New Orleans is a town of decadence, and pretty much everyone knows it (hell, there’s even a festival called “Decadence”). And when people think about the food of the Crescent City, they’re apt to mention po-boys, muffalettas, and a slew of non-sandwich classics. But NOLA doesn’t stop with the entree, not by a long shot. Desserts in the Big Easy are as iconic as the streetcars, live oak trees, and shirt-soaking humidity. Here are the most iconic desserts in town, and where you can get your hands/face on them.
7 quintessential New Orleans desserts and where to find them
1. Bread pudding
Where you’re getting it: Bon Ton Café
Central Business District
Just about every restaurant in New Orleans seems to have a version of this dish, and for good reason. It’s a classic. An amazingly delicious classic. For a great representation of one of NOLA’s most treasured sweet treats, head to the Bon Ton Café for their bread pudding with whiskey sauce.
Where you’re getting it: Pralines by Jean
First of all, New Orleanians pronounce it PRAW-leen. Say “PRAY-leen” and you’ll get funny-yet-somehow-not-condescending looks from the locals. Second, what’s not to love about creamy, sweet cookies made out of butter and sugar? Answer: nothing.
3. Lemon ice
Where you’re getting it: Angelo Brocato’s
Yes, a classic Italian lemon ice is also a classic NOLA dessert. Why, you ask? Because there was large influx of Italian immigrants in Louisiana around the turn of the 20th century, and of course that only added to the city’s culinary landscape. Also, the pleasant things it does to your tastebuds.
4. Creme brulee
Where you’re getting it: Tableau
Sure, creme brulee is a quintessential French dessert, but it’s been adopted and raised by New Orleans’ loving arms. Options abound around the city, but don’t miss the version at Tableau, which uses a dinner plate instead of a bowl/cup in order to maximize the sugar-to-custard ratio. Plus, any dessert made with a blowtorch is just inherently awesome.
5. Bananas Foster
Where you’re getting it: Commander’s Palace
If blowtorch desserts are awesome (see above), desserts that are engulfed in flames tableside are freaking EPIC. The original was at Brennan’s Restaurant, which is now very sadly closed. However, Commander’s version -- “a tableside flambé of bananas with Caribbean rum, brown sugar, banana liqueur & vanilla bean ice cream” -- gives this classic its due. Pro tip: wait until your dessert has ceased flaming before consuming.
6. Pecan pie
Where you’re getting it: Upperline
Here’s a bit of New Orleans logic for you: there are plentiful pecan trees in Louisiana. Hence, there are plentiful pecans, and therefore plentiful pecan pies. QED, sucker. And it’s pronounced “pu-KAHN” 'round these parts, not “PEE-can,” FYI (everything is pronounced differently here). Make sure to add a scoop of ice cream on top for the full experience, which is one you do not want to miss.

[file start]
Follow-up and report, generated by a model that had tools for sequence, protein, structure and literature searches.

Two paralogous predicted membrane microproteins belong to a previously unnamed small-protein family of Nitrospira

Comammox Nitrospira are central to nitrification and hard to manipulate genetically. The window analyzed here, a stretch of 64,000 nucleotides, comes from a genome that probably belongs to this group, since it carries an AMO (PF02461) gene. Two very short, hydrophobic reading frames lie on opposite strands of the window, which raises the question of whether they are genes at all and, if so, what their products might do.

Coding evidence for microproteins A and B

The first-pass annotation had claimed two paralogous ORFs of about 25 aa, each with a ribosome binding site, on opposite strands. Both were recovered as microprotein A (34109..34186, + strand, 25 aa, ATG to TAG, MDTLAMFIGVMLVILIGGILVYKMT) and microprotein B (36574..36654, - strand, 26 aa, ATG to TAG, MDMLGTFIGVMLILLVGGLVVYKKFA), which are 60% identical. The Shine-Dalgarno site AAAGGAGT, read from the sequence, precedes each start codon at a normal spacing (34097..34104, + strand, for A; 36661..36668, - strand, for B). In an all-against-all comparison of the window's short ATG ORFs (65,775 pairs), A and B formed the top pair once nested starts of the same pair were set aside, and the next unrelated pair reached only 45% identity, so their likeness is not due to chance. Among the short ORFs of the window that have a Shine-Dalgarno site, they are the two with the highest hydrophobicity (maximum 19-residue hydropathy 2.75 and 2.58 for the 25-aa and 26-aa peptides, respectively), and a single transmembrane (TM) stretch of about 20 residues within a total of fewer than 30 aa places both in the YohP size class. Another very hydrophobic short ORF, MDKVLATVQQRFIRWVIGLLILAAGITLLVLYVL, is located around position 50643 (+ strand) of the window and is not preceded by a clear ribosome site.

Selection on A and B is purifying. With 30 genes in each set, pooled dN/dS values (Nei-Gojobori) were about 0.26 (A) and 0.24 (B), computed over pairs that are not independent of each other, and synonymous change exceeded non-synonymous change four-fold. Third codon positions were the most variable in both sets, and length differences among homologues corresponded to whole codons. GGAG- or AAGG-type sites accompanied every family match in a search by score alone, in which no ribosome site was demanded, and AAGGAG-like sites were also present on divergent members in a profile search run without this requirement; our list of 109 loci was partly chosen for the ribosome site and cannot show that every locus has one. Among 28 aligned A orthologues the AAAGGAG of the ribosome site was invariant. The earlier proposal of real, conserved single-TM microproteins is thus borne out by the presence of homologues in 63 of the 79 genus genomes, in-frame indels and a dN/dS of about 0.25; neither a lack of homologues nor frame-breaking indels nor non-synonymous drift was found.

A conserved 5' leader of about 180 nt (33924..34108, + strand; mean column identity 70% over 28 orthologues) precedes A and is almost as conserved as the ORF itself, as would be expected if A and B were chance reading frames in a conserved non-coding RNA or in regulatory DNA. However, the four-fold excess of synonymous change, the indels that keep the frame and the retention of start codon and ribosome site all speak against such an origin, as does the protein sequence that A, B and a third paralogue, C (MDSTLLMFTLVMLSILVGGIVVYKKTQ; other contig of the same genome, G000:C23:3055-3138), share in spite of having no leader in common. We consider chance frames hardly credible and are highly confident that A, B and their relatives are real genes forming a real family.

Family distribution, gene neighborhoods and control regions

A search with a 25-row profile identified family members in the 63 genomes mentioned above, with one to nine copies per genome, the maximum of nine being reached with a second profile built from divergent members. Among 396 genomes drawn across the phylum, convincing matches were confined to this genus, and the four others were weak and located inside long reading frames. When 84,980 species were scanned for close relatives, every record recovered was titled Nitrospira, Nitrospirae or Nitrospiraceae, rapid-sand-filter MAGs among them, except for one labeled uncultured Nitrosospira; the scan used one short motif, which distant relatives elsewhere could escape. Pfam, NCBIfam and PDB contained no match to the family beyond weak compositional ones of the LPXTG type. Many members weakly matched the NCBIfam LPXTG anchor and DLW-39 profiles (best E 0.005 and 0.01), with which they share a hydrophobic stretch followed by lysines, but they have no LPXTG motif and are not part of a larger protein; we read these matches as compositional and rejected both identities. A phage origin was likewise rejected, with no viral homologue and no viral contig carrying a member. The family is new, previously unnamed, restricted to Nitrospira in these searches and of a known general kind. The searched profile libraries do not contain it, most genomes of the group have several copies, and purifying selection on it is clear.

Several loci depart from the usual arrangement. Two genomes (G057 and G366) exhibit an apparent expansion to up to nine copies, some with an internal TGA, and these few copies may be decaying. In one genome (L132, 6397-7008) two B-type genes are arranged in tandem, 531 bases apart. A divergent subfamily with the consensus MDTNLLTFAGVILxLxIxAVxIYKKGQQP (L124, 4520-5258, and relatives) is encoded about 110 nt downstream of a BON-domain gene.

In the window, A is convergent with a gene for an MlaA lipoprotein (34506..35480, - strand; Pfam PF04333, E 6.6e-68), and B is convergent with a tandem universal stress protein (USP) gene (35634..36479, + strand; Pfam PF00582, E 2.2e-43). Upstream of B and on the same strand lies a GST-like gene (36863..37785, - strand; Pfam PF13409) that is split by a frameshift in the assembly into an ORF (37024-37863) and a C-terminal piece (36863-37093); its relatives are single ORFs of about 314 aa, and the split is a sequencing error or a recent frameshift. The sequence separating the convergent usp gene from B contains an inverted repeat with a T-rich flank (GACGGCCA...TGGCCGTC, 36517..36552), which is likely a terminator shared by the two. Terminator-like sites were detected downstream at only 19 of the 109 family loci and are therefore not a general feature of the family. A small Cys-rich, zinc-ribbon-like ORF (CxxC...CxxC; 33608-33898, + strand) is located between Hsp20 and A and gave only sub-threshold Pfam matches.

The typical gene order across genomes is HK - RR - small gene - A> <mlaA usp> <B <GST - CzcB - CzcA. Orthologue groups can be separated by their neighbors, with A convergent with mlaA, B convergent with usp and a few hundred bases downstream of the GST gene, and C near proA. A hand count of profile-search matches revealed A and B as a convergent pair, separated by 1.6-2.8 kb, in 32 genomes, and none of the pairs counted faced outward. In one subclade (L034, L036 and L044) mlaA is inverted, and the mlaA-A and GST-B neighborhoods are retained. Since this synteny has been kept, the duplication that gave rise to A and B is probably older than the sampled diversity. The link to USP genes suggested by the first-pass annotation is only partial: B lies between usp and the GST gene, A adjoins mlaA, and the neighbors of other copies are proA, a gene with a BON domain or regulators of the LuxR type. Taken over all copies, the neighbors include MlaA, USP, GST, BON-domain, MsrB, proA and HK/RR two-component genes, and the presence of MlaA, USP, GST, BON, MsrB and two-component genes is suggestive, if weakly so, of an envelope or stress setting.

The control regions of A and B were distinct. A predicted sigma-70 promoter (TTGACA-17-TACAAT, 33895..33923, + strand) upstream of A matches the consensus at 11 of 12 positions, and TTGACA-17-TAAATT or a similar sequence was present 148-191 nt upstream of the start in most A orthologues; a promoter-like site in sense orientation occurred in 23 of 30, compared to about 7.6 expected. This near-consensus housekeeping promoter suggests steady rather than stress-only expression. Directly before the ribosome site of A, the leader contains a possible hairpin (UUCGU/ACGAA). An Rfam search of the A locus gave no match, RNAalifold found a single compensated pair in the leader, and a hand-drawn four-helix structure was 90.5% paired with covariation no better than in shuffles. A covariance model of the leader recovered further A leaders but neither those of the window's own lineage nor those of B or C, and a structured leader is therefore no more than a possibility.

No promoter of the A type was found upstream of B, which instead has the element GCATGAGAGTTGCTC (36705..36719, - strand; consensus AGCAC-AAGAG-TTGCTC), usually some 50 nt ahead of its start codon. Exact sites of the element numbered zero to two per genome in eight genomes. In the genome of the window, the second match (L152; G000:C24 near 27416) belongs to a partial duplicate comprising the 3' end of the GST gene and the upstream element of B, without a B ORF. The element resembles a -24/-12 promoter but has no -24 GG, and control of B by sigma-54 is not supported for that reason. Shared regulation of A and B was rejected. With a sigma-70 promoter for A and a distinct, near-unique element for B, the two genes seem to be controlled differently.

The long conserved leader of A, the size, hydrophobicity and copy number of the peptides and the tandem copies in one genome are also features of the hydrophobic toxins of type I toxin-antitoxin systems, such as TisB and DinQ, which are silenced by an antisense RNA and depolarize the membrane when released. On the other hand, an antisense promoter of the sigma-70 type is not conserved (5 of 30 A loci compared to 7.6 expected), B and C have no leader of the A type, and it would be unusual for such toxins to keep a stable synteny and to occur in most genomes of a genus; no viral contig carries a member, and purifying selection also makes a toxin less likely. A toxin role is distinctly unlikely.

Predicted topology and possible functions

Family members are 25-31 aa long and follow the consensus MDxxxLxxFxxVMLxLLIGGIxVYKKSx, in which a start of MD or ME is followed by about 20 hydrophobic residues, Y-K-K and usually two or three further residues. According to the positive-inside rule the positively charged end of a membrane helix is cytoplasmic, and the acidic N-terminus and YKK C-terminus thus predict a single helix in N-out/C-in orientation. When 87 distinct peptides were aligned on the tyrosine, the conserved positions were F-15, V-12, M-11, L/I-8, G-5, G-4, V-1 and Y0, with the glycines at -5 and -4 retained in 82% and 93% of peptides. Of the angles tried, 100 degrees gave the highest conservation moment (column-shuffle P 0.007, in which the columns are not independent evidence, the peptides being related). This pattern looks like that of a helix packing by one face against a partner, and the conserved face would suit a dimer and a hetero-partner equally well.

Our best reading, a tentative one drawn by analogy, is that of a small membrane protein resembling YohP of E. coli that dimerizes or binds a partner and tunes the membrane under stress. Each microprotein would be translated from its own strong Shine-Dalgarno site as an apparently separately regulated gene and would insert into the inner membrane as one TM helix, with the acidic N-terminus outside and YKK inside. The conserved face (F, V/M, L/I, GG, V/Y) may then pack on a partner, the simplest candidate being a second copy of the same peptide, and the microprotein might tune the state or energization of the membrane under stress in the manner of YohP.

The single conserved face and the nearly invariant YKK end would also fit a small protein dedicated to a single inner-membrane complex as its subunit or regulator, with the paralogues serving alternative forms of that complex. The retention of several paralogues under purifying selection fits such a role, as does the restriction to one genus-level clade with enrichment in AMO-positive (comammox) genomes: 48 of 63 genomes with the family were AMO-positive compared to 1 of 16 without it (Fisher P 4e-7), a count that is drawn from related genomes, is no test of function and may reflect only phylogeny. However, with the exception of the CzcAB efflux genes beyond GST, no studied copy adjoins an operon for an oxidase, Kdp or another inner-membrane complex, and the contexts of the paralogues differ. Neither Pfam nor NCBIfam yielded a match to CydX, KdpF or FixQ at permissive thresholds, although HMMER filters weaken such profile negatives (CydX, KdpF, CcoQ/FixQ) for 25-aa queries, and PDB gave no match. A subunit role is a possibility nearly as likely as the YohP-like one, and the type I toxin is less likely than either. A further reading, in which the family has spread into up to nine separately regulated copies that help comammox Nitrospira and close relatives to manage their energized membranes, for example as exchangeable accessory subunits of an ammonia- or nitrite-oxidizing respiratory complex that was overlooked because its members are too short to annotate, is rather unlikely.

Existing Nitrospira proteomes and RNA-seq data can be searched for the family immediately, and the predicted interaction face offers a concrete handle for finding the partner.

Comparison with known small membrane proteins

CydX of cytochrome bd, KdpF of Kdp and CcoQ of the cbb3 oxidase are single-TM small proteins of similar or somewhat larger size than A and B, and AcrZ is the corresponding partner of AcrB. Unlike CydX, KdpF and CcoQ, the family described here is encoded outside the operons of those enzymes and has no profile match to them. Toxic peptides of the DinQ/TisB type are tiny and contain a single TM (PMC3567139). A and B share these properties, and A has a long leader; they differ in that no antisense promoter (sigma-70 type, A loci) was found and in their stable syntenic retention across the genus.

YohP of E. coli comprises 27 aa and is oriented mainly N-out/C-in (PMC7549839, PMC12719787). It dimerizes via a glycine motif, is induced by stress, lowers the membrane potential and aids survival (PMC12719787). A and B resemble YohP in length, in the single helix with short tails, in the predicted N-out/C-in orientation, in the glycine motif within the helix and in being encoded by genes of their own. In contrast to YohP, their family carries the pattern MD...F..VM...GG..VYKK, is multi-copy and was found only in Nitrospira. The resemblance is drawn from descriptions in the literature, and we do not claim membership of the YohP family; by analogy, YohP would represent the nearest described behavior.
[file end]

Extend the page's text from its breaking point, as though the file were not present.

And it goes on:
7. Doberge cake
Where you’re getting it: Debbie Does Doberge
Various restaurants, available by order
Again with the pronunciation (!): doberge (“DOUGH-bash”) is one of those things that New Orleanians love to hold close to the vest, because it’s so good, and so quintessentially NOLA, they can’t stand the thought of it being made anywhere else. Imagine a dessert made of up to 11 alternating layers of cake and pudding (usually chocolate or lemon), all held together by a buttercream or fondant shell. Are you imagining it? You're welcome. That, friend, is doberge.
1. Pralines By Jean1728 Saint Charles Ave, New Orleans
2. Bon Ton Cafe401 Magazine St, New Orleans
3. Angelo Brocato's214 N Carrollton Ave, New Orleans
4. Tableau616 Saint Peter St, New Orleans
5. Commander's Palace1403 Washington Ave, New Orleans
6. Upperline Restaurant1413 Upperline St, New Orleans
PbJ bakes up creamy, sweet cookies made out of butter and sugar, pralines. And they're awesome. They make a myriad of other confections, but you gotta try their pralines before anything else.
Established in 1953, BTC offers a number of Cajun/Creole favorites, but they're most well known for their etouffees, which can be made with shrimp or crawfish.
Angelo Brocato's is a renowned Mid-City dessert and ice cream shop that's been serving up a delicious variety of sweets since 1905.
Owned by the acclaimed Dickie Brennan, this Cajun and Creole resto serves up excellent upscale fare, and it's a wine bar as well.
Executive Chef Tory McPhail was named the 2013 Best Southern Chef by the James Beard Foundation, so there's a good chance you'll enjoy his Cajun fine dining.